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Let's get a couple more of the really vital terms down today.

heel (noun):

1 A kayfabe villain; a "bad guy".

Example: "Britt's having a much better run as a heel."

face, babyface (noun):

1 A kayfabe hero(ine); a "good guy".

Example: "Jake's such a face, he volunteers at an animal shelter on the weekends."

tweener (noun):

1 A person who talks or acts as a heel might, but remains over with the crowd as a face; an anti-hero(ine).

Example: "Stone Cold was a perfect tweener."

The emotions, reactions, and connection to the audience are very important to wrestling. The most over people on a roster will get a pop for simply walking through the curtain, and that has meaning, certainly; it means a lot more if you can pop the crowd a few times during an actual match, or while cutting a promo. Those are the moments that really help put someone over.

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Last night's great AEW event made this term very relevant today!

pop (noun):

1 A positive crowd reaction, like cheering or clapping.

Example: "Did you hear the pop Norm got for just walking through the door?"

pop (verb):

1 To respond loudly to an event.

Example: "I popped so hard when her music hit that my dogs started barking!"

mental health, social media 

Hana Kimura had "go away" heat with viewers of Terrace House after an on-screen altercation with a housemate. She was insulted and attacked on social media by viewers.

Bullying is never easy to handle, accept, or ignore; for a wrestler, a person whose bread and butter is fostering a connection to crowds, it had to hit extremely hard.

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"Go away" heat doesn't mean someone is over. "Go away" heat means there is absolutely no respect from or connection to the crowd. Good guys can have "go away" heat if they're booked poorly, like regularly fighting for championships despite having a limited skill set and a string of losses. "Go away" heat means the audience would rather see ANYONE ELSE filling that role.

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There are a few kinds of heat. "Cheap heat" comes from simple, low-effort insults one could make in any town. Insulting the local sports teams or calling people in the South "rednecks" might get someone cheap heat.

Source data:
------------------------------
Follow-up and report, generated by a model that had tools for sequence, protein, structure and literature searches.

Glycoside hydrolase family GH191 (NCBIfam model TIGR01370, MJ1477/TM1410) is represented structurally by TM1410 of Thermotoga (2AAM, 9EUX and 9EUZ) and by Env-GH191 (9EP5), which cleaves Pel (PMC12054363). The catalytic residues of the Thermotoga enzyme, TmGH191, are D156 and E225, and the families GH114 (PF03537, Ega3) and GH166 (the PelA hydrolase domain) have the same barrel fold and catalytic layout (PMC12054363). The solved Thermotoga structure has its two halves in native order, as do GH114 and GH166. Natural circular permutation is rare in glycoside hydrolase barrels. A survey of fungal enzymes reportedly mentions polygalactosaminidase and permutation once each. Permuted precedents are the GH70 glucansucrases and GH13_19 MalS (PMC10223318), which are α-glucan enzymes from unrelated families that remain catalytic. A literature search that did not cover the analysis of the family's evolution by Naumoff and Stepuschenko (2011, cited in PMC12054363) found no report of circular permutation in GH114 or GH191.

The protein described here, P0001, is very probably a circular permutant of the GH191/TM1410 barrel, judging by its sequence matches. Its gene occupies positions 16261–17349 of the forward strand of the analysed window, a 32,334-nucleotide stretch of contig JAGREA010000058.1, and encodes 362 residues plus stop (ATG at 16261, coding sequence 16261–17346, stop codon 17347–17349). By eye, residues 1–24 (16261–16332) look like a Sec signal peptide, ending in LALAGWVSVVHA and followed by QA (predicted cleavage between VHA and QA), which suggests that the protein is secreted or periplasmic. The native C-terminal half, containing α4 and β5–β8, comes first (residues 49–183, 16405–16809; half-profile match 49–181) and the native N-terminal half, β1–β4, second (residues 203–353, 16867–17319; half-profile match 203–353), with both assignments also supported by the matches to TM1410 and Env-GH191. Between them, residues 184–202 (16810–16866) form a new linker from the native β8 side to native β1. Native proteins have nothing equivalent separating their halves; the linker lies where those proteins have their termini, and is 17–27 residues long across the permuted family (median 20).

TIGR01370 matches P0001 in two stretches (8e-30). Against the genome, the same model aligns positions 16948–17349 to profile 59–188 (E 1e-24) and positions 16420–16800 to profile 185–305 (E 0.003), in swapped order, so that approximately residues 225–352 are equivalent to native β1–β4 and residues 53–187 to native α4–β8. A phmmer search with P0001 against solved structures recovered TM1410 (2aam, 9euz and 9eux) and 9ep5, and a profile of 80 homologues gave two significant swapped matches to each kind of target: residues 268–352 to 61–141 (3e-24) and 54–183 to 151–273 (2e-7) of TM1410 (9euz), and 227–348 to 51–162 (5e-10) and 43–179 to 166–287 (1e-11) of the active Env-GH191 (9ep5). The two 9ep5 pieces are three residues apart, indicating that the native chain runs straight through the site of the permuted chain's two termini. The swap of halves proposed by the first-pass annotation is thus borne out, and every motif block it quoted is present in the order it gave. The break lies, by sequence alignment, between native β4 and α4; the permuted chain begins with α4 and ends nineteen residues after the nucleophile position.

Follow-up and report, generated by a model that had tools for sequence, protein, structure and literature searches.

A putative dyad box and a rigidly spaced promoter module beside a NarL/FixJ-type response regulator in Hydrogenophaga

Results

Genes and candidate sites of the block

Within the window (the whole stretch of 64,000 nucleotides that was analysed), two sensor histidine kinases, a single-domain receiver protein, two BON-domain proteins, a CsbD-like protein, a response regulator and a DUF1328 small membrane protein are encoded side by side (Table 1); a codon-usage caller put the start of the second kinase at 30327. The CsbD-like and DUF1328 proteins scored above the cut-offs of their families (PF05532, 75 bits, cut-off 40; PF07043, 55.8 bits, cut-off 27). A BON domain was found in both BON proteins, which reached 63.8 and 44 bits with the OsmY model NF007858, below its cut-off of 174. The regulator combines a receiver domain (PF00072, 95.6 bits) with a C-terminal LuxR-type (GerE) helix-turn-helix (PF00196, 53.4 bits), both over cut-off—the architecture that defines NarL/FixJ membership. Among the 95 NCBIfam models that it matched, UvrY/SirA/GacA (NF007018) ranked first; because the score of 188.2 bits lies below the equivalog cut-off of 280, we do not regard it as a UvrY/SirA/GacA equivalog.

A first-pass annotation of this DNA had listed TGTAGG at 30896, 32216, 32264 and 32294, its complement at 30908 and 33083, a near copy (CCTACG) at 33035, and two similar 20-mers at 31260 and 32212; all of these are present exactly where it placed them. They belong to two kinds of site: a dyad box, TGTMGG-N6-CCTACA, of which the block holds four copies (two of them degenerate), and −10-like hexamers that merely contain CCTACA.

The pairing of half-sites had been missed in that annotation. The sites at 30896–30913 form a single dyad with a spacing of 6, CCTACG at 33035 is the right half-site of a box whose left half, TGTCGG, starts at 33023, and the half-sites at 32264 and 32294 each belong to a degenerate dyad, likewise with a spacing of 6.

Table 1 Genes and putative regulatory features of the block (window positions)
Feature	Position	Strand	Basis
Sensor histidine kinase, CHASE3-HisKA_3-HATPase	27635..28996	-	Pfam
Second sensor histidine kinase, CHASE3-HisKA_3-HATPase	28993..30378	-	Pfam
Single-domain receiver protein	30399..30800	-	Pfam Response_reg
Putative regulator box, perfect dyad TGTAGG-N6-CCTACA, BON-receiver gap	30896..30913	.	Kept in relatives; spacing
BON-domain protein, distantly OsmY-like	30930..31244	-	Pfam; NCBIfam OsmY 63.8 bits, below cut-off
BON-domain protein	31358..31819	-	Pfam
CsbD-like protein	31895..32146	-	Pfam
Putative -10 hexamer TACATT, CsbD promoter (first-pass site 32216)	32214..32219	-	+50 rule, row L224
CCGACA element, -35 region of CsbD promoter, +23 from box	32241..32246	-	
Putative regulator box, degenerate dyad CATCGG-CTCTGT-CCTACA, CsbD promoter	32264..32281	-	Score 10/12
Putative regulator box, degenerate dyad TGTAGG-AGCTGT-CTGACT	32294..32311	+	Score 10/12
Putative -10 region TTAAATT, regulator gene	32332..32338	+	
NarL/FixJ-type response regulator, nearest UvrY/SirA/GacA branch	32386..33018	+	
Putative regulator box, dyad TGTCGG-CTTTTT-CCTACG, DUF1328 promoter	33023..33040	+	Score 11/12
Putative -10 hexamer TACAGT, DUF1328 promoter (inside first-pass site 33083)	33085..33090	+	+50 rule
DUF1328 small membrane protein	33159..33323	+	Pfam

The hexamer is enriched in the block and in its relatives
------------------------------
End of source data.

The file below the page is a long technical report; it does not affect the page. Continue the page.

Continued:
"Go away heat" (or, sometimes, "X-Pac heat") tends to be less about one's kayfabe actions and more about the whole performer. If someone has "go away" heat, they've done something (or several things) do distasteful that audiences never want to see them again.

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I considered not posting a word today, but thinking about the sad news from last night, this term popped in my head.

heat (noun):

1 Negative thoughts, feelings, or reactions a crowd expresses for a worker; anger; dislike.

Example: "Jason has so much heat, he needs a security escort to get into the building."

If your character is a villain, heat generally means you're doing well and is a measure of how over you are.

memorial post (sui) 

Kimura Hana of Wonder World Ring STARDOM is dead.

Friends and folks: For every hundred people who don't know you at all, there are people out there who DO know you and, knowing you, love you.

Please, never let social media outweigh the words, the feelings, and the outreach of those close to you.

Storms may seem impossible to weather. No matter how hard, they're easier to weather with a solid crew, and you have one.

Hell, I'll be your crew of one if you need me.

memorial post (sui) 

Kimura Hana of Wonder World Ring STARDOM is dead.

Friends and folks: For every hundred people who don't know you at all, there are people out there who DO know you and, knowing you, love you.

Please, never let social media outweigh the words, the feelings, and the outreach of those close to you.

Storms may seem impossible to weather. No matter how hard, they're easier to weather with a solid crew, and you have one.

Hell, I'll be your crew of one if you need me.

Today's term means almost the opposite of its common use in modern culture.

over (adjective): Popular; beloved.

Example: "Kacey's so over, she could take candy from a baby and the baby's mom would offer her another piece!"

go over (verb): To win.

Example: "I asked Mark to do business at trivia tonight, and he agreed. I'm totally going over."

Surprisingly, there's not much use of "under" in the pro wrestling world; you're over, or you're going over, or you're jobbing. If you're not over, you should work on your character, talk to the booker, and try to get pushed.